On 15 January 1901 A. B. Winchester was inducted by the Presbytery of Toronto into the pastoral charge of Knox Church, Toronto. Thus began a forty-two year relationship that proved significant for both the Presbyterian Church in Canada and the wider cause of fundamentalism in North America. Described by Lewis Sperry Chafer as “one of Canada’s greatest vital churches,”  Knox was the first Presbyterian congregation in the city, founded in 1819. It had been given extensive property by the first minister’s father-in-law. Winchester came to a declining church in the city core and five years later initiated a move to a new location. Leasing the former site to Canada’s largest department store provided ample financial resources. Knox’s generous endowments were a major factor in the expanding ministry that Winchester undertook after 1921 as minister extra muros, set free by the congregation to do itinerant ministry, much of it in Bible conferences where his dispensational teaching, focusing on prophecy, gained a wide hearing.
The location of the new Knox Church, opened in 1909, was fortuitous. Toronto Bible College was just up Spadina Rd. and its Principal, John McNicol was an elder. The offices of five faith missions were within its immediate orbit. And the church was only two blocks from the University of Toronto. Knox College, the largest and most prestigious theological seminary for Presbyterians, was an immediate neighbor. As Knox College became increasingly identified with higher criticism and creedless church union, Knox Church kept a wary eye. Much more congenial was Wycliffe College, an evangelical Anglican seminary, right down the street from the church. Wycliffe, founded in 1877, has been described as “a rallying point for the Evangelical party in the [Anglican] church from the time of its establishment.” One of its lecturers, Dyson Hague, contributed to The Fundamentals articles on “The History of Higher Criticism,” “At-one-ment by Propitiation” and “The Doctrinal Value of the First Chapters of Genesis.”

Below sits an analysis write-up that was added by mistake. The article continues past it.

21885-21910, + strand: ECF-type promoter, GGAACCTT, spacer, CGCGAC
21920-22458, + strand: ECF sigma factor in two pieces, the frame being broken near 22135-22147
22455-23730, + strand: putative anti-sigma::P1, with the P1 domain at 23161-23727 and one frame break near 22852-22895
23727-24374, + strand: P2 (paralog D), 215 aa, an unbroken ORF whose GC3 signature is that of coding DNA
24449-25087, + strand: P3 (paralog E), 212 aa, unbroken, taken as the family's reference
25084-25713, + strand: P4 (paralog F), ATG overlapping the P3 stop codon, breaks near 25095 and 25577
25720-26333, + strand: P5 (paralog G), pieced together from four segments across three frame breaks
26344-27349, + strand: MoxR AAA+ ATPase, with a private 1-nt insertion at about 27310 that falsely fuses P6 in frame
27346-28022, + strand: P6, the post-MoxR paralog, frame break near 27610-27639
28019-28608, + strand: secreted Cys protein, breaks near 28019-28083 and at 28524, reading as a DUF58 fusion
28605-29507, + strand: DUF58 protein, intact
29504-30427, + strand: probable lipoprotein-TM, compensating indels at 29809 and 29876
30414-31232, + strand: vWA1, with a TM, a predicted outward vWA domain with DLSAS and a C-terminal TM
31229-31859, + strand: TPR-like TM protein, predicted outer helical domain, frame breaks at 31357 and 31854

That same year, 1910, Wycliffe College extended an invitation to W. H. Griffith Thomas, Principal of Wycliffe Hall in Oxford, to serve as a lecturer. Thomas, like Winchester (and Chafer), had a difficult childhood. His father died before he was born and his mother returned to her father who died when Thomas was eight. Wrangling over the estate left the family impoverished and he was forced to go to work at fourteen. While working for his stepfather’s brother in London, and studying Greek in the early hours of each morning, he was offered a lay curacy and took courses at King’s College, completing a brilliant educational career with an earned D D from Oxford University in 1905, his thesis being on the Holy Spirit. In that year he was appointed Principal of Wycliffe Hall, Oxford. A book he wrote on pastoralia is dedicated to the eighty students he trained “with whom it was my privilege and joy to be associated.” As his biographer continued: “He left his mark upon his men in a most distinctive way and that influence has been passed on by them to others, amongst whom I am one.” 
Griffith Thomas remains a very complex individual, his persona perceived very differently in the various circles in which he moved. To evangelicals in the Church of England he remains a very Anglican icon. Not that he was a party man: he was widely respected by all, speaking on the training of candidates for holy orders at church congresses in 1908 and 1909. It was at the Keswick convention that he first encountered teaching about “the victorious Christian life,” and invitations to speak there in 1906, 1907, and 1908, endeared him to the wider British evangelical public. He maintained a prodigious work ethic and was a disciplined, readable and voluminous writer. His Christianity Is Christ, published at that time, has become a classic.